A Little History on the Labor Movement

Today is the 100 year anniversary of the Triangle Shirtwaist Factory fire that killed 146 young women and girls in New York City on March 25, 1911. It was one of the worst workplace disasters in our nation’s history. The sight of immigrant girls and women leaping to their deaths—some with their clothes on fire, some holding hands—horrified the entire nation. The tragedy not only helped spark the growth of the International Ladies Garment Workers Union but the entire labor movement in the United States.

Fast forward to 2011 … I’ve received a couple of comments from readers on how Governor Jerry Brown has been wrongly “blamed” for giving California public sector workers the right to unionize. For example, the Wall Street Journal ran an opinion article stating:

The sharp rise in public union membership in the 1960s and 1970s coincides with the movement to give public unions collective bargaining rights. Wisconsin was the first state to provide those rights in 1959, other states followed, and California became the biggest convert in 1978 under Jerry Brown in his first stint as Governor. (A Union Education, Wall Street Journal On-line.)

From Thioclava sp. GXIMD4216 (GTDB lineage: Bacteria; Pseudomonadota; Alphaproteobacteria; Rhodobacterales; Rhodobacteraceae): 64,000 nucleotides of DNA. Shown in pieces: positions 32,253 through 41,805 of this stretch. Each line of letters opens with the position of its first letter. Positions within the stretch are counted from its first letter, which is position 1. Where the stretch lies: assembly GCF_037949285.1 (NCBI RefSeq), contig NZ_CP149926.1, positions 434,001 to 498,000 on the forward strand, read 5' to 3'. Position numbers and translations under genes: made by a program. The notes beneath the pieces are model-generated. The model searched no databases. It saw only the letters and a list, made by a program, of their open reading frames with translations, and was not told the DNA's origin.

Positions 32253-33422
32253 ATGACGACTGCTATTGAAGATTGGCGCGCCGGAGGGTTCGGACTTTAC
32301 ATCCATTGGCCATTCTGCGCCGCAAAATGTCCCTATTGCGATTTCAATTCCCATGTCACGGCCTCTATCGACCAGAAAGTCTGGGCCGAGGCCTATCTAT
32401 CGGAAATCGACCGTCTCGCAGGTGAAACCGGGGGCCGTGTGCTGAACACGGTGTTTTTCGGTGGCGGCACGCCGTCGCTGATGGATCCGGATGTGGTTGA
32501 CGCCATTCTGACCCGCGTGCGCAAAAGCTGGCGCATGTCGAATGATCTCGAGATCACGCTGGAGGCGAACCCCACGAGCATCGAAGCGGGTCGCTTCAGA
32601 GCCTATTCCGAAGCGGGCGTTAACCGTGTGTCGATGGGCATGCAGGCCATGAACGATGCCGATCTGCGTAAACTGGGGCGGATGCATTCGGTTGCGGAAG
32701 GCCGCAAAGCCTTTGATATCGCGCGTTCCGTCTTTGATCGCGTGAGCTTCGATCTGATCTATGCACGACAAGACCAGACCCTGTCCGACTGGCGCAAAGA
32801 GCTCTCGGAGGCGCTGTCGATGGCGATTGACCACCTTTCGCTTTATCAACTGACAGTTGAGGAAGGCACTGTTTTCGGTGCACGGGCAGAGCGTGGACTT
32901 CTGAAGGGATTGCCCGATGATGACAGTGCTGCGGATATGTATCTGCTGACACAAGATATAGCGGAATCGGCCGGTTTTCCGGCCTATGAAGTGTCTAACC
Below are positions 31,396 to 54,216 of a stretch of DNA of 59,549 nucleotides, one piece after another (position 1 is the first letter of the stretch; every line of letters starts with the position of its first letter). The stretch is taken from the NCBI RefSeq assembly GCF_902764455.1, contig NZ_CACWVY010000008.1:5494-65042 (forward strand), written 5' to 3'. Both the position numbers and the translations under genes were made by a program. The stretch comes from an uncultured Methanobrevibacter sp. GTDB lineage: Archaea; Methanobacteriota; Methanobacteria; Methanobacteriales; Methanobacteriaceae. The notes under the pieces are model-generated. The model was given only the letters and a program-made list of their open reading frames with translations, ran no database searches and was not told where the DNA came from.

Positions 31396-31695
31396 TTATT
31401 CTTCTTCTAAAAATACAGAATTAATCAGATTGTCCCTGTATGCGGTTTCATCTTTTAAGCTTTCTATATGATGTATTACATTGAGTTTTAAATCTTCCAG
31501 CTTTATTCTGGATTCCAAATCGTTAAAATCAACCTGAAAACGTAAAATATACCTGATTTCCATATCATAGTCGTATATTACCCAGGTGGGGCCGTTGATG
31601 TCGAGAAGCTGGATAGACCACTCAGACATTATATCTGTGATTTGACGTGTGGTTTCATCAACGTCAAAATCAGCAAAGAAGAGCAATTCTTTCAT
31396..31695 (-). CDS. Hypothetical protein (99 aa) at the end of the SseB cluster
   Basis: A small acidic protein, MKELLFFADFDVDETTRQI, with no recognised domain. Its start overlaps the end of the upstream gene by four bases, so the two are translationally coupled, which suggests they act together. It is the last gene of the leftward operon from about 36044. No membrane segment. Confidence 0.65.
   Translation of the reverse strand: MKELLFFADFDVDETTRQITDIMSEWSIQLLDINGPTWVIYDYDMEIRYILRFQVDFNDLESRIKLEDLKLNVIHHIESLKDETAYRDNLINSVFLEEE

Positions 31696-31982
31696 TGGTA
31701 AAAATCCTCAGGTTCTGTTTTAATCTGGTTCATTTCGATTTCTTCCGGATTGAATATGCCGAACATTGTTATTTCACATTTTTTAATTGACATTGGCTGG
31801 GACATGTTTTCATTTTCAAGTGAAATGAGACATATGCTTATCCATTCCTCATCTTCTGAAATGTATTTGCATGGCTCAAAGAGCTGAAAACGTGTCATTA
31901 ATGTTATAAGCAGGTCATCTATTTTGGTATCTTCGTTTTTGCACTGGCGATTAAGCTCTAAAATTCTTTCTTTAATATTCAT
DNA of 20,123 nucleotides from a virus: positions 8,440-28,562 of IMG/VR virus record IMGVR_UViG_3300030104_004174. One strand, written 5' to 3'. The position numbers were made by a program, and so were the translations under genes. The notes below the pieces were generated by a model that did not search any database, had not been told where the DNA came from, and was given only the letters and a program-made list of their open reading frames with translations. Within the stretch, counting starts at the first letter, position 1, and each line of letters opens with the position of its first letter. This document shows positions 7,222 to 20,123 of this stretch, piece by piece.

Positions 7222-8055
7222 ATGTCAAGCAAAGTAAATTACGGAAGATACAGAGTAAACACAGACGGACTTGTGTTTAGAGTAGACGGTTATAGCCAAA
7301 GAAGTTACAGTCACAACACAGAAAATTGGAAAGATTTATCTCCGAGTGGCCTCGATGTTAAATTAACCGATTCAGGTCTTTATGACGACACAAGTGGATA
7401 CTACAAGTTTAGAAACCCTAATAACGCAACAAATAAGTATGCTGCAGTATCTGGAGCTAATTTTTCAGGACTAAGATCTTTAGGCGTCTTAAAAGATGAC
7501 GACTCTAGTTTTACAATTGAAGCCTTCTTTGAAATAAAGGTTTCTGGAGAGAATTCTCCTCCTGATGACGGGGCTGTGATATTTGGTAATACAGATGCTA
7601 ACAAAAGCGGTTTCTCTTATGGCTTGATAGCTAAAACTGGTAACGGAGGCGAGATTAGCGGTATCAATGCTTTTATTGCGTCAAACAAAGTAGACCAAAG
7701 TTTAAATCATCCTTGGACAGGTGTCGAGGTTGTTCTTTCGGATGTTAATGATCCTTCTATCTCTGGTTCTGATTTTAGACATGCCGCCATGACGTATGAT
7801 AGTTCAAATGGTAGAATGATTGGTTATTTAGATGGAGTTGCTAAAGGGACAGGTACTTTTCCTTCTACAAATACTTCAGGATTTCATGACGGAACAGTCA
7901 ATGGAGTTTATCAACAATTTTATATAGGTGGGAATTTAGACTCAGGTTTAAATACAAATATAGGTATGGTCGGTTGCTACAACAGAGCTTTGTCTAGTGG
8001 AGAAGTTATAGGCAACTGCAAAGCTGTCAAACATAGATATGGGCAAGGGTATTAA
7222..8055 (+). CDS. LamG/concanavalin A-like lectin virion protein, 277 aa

It’s true that during his first two terms as Governor (1975-1983), Jerry Brown signed the Educational Employment Relations Act of 1976 giving collective bargaining rights to schools and community college employees, the State Employer-Employee Relations Act of 1978 (now called the Dills Act) giving collective bargaining rights to state employees, and the Higher Education Employer-Employee Relations Act of 1979, giving collective bargaining rights to higher education employees.

However, those laws were not truly ground-breaking because they were not the first laws in California giving public sector employees the right to collective bargaining. The first law that gave public sector employees the right to collective bargaining is the Meyers-Milias-Brown Act (MMBA). The MMBA was signed in 1968 and gave city and county employees the right to collective bargaining. The MMBA was signed by a former union president. No, it wasn’t Jerry Brown. It was Ronald Reagan.  By signing the MMBA, Governor Reagan made California the second state in the nation to allow public sector collective bargaining. The first was Wisconsin in 1959.

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